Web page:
Within this network of tracks you have routes. A route is more or less a sequence of tracks. One important thing is that within a route, if you go back and forth a track, this track is part of the route twice. This is the most problematic part as simple GPS recordings never have this kind of conceptual differentiation. So I reject the idea that a route and a track should be the same thing. They could appear as — in the degenerate case where a route is being made of one track being used only once within the route. But that is just a special case — although typical in activity tracking applications that just import GPS data points and visualize them.
The biggest similarity between what others call a track is what I call in TrailRunner a workout. Garmin calls this an activity but I dislike this term as it fits better to being a diary entry. But back to the difference between tracks and workouts: If a recording contains data points with values like heart-rate, cadence and calories, it's not a track. It's a sequence of training session data-points and therefore it is a workout. For this reason TrailRunner generally distinguishes between routes and workouts. Routes belong to geographic data, workouts belong to performance over time or distance. A workout and a route can be connected to each other if they follow the same geographic course, but must not.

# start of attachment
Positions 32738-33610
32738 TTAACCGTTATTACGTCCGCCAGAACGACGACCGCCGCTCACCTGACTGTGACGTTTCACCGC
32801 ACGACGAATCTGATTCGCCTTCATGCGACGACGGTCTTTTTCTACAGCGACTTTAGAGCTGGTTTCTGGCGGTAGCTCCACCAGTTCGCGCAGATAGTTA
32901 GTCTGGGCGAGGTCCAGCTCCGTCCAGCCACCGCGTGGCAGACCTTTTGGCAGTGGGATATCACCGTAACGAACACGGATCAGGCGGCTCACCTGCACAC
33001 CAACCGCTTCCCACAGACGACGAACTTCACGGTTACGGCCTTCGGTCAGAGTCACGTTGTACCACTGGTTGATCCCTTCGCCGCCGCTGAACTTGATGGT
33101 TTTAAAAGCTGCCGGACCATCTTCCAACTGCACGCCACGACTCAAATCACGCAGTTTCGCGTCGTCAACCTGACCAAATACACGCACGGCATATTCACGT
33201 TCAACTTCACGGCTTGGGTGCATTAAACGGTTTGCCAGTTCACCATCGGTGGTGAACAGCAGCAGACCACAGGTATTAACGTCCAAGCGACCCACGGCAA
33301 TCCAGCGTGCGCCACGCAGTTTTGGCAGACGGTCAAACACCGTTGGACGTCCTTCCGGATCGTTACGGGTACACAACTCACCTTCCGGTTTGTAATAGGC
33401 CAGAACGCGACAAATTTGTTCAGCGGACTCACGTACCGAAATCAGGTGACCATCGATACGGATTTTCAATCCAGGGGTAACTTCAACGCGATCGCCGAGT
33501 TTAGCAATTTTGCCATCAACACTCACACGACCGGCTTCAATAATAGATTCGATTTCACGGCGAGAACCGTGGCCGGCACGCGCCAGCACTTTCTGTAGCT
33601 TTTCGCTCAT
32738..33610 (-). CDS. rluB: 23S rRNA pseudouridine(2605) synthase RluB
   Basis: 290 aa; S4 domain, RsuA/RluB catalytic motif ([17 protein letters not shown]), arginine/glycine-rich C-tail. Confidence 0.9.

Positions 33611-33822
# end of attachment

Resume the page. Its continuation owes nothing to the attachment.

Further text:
TrailRunner even offers features to merge a workout with the course of a route. That's important for training devices that can track distances but not GPS locations (e.g. the Apple Nike+ iPod Sensor)
Summary: The different faces of a track
To sum this all up, a track can have the following faces:
If the track contains a series of geographic points without timing information, then it's a track within your network of tracks.
If the track contains additional timing information, then it's the course of a route containing the single track or a sequence of tracks.
If the track contains timing information and values like heartrate, cadence etc., then it's a workout.
Import of a track
Whenever you import a track into TrailRunner, the importer shows you the course of the track in the map part of the main window. Then in the lower part of the importer you can decide if the workout face of the track should be attached to a new diary entry.
Then below that you have options to add a route to your list of routes that is based on the course face of the track. If you choose the option to import as one piece then one long track is added to your network of tracks along with a new route that contains this single track as it's course. If you choose any of the other options, TrailRunner will merge the track into the network of tracks, splitting the track into smaller tracks and joining all similar sub-tracks with existing tracks. One important fact now is that the resulting route will be made of a sequence of tracks that describe the almost identical course as the original recording but complementing your network of tracks.